We may gather, by beautiful glimpses,

The form of the God within."


She came in from the country a few days ago and ordered a head-stone for the grave of her departed husband. The marble-cutter was to have it all ready yesterday, when she was to come in again with the inscription, have the letters carved on and take the stone away.

She was on time, but she wore an anxious, troubled look, having failed to write up such a notice as she thought the stone ought to bear.

"I want suthin' that'll do my poor dead Homer justiss," she explained to the marble-cutter. "I think I ought to have one or two verses of poetry, and then a line or two at the bottom—suthin' like 'Meet me on the other shore,' you know."

The cutter said he thought he could get up something,and she entered the office and he took out twenty-three sheets of foolscap and three pen-holders and set to work, while she held her breath for fear of disturbing his thoughts. He ground away for awhile, scratched out and wrote in, and finally said he'd got the neatest thing that ever went upon white marble. It read:




who died
October 13, 1873,
Aged 41 years, 7 months, 21 daya.

My husband was a noble man,

Of me he lots did think;
And I'll never seo another man

Like my dear Homer Clink.

"Isn't that bully? " asked the man as he finished reading the inscription.

"It's purty fair, but ," replied the widow.

"But what, madam?"

"Why, you see, he was good and kind, and was allus hum nights, and all that, but I may find another man just as good, you know. I have said that I wouldn't marry again, but I may change my mind, and I guess we'd better tinker up that verse a little. And besides, you didn't get anything on the bottom."

She went out and rambled among the tombstones, while the cutter ground away again, and just as she had become interested in a dog-fight he called her in and read the new inscription. The first part was as before, but his poetry read:

My husband is dead,
My poor Homer Clink,

And in the cold ground they haTe laid him;
He was always home nights,
Never got mto fighta.

But death came along and betrayed him.

I shall meet him on the otber shore whero all ia lovely,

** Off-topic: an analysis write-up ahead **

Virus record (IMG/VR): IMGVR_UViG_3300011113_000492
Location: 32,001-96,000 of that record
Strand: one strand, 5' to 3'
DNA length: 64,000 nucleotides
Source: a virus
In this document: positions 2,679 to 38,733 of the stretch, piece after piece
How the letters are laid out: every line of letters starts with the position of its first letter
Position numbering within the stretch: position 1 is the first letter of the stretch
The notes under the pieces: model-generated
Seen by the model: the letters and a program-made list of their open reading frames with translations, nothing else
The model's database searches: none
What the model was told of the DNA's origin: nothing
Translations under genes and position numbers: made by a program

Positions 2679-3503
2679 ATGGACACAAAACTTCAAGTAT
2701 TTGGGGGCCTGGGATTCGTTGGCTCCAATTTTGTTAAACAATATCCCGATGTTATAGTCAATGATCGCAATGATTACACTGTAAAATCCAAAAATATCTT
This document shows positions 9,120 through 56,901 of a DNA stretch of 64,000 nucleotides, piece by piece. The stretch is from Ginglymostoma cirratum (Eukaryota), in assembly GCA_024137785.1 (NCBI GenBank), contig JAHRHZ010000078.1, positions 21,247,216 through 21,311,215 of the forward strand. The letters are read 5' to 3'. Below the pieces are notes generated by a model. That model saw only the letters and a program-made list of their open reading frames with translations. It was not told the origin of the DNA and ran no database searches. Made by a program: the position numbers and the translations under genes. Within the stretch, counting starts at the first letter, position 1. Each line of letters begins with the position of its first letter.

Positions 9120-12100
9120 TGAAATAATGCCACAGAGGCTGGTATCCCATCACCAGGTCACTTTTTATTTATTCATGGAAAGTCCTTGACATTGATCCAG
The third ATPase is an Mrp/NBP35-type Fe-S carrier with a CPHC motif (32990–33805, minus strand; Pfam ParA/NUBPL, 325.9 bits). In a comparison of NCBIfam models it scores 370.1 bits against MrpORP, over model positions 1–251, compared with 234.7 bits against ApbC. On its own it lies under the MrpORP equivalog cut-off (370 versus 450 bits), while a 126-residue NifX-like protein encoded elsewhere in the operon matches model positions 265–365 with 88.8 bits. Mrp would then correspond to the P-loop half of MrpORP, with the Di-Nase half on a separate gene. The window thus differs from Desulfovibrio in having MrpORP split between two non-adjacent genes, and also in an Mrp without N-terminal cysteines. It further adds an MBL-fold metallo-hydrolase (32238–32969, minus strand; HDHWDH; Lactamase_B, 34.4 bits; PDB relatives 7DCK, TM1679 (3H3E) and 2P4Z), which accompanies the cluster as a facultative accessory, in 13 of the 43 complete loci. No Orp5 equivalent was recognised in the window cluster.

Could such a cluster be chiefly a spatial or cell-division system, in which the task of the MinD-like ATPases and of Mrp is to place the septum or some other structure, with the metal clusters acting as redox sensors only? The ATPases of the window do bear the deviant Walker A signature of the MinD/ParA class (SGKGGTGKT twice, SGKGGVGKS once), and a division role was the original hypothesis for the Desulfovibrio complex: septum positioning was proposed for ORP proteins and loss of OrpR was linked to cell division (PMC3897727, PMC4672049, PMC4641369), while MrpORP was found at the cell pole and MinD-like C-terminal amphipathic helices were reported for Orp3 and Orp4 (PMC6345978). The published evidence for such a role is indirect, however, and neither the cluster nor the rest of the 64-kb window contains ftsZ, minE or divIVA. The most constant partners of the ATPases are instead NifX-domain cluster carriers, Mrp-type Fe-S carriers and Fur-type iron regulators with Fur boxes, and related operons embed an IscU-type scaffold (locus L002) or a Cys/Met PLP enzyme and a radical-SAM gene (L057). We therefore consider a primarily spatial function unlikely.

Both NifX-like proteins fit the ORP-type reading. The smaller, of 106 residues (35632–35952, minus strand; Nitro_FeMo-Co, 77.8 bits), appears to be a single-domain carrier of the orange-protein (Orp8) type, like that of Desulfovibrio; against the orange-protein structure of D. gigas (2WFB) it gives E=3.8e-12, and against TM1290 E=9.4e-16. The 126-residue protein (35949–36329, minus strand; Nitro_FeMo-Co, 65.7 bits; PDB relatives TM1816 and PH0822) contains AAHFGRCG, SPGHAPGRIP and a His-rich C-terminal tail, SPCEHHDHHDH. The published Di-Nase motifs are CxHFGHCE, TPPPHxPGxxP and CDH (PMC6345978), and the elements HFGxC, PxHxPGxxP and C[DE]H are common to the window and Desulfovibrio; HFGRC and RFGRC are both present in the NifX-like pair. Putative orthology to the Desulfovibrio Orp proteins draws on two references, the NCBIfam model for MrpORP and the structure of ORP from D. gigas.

and where sickness never comes.

"There, how's that?" inquired the poet, a bland smile covering his face. "Seems to me as if that went right to the heart."

The woman took the paper, read the notice over four or five times, and finally said:

"I don't want to seem partickler about this, and I know I'm makin' a good deal of trouble. That would do for'most pny one else—its the real poetry, but I'd like suthin' kinder different, somehow. He was a noble man. He never gave Kne a cross word in his life—not one. He'd be out of bed at daylight, start the fire, and I never got up till I heard him grinding the coffee. He was a good provider, he was. He never bought any damaged goods because he could get 'em cheap, and he never scrimped me on sugar and tea, as somo folks do. I can't help but weep when I think of him!"


She sobbed away for awhile, and then brightened up and said:

"Of course, I'll meet him in heaven. It's all right. As I told you, I may never marry again, though I can't tell what I'll be driven to. Just try once more."

She sat down to an old almanac, and the cutter resumed his pen. He seemed to get the right idea at once, and it wasn't fifteen minutes before he had the third notice ground out. It read:



who died
October 13, 1873,
Aged 41 years, 7 months, 21 days.
He was the kindest sort 'o man,

Ho was a good provider;
And when a friend asked him to drink
He always cailed for cider.

His wife she had a noble heart,

And though she may remarry;
Whene'ershe thinks of Homer Clink

Her heart a sigh will carry.

"That's good—that just hits me!" exclaimed the widow, tears coming to her eyes. "I've got to go and do some trading, I'll be back in two hours. Put the inscription on handsome-like, and I shan't mind two dollars extra.

About noon her one-horse wagon backed up to the dealer's, and as the stone was loaded up the widow's face wore a quiet smile of satisfaction.

MORN—Mrs. J. L. Gray.

Morn is the time to wake,

The eyelids to unclose,
Spring from the arms of sleep and break

The fetters of repose;
Walk at the dewy dawn abroad,
And hold sweet fellowship with God.